“It’s the people that you have been around constantly that keep asking, ‘which one are you?’ ” Kaelie said.
One thing that helps set them apart from each other is their personalities. Bella is more straightforward; Kaelie is more amiable, Wendy said.
“If you look at her, you can tell what she is thinking because she doesn’t try to hide it,” Kaelie said of Bella.
For the most part, the sisters have always got along. They enjoy pretty much the same things, like sports, and often share clothing, among other things.
Although they have lived their entire life together, this August, they are heading their separate ways. Kaelie is heading to the University of South Carolina to go into nursing and Bella is off to Clemson University to go into animal science. They both realize it may be hard to live apart from the other.
“We have helped each other study for so long,” Bella said. “We tested each other on the material to get a different perspective on things. A built-in study partner for sure.”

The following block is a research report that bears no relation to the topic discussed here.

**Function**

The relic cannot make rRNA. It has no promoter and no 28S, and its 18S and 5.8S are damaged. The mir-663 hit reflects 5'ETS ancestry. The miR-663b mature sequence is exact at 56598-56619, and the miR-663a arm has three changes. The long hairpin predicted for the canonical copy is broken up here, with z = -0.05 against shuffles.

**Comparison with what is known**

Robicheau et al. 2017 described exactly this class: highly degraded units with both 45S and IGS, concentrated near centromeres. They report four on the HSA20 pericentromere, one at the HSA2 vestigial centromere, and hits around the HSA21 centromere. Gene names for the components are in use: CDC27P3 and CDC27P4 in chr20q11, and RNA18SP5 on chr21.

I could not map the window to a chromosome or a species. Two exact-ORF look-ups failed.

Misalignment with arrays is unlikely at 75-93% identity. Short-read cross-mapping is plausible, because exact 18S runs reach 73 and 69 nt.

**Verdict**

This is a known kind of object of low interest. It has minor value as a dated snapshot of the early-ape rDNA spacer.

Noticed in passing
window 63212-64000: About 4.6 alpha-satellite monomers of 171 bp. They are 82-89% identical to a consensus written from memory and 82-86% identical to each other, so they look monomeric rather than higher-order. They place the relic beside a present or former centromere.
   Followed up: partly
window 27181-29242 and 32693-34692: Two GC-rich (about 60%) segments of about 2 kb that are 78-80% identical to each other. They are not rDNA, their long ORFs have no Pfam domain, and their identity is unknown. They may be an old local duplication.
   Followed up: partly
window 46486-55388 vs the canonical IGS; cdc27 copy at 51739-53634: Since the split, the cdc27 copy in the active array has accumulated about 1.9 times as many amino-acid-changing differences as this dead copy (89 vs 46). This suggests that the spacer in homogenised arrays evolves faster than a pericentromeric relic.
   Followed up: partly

Military veteran, hard-nosed newspaper man, devoted husband, father and grandfather, Charles “Buck” Moore led with a servant’s heart.
“He was a private man, a man of few words. He was a true family man, honest, honorable and a man of character,” said the Rev. Brad Threatt, pastor of White Springs Baptist Church.
Moore, a former reporter and editor for The Lancaster News, died Monday, May 16, following an extended illness that kept him homebound for the last five years. He was 80.
“He served his country well. He served his community well and, even more so, he served his family well,” Threatt said.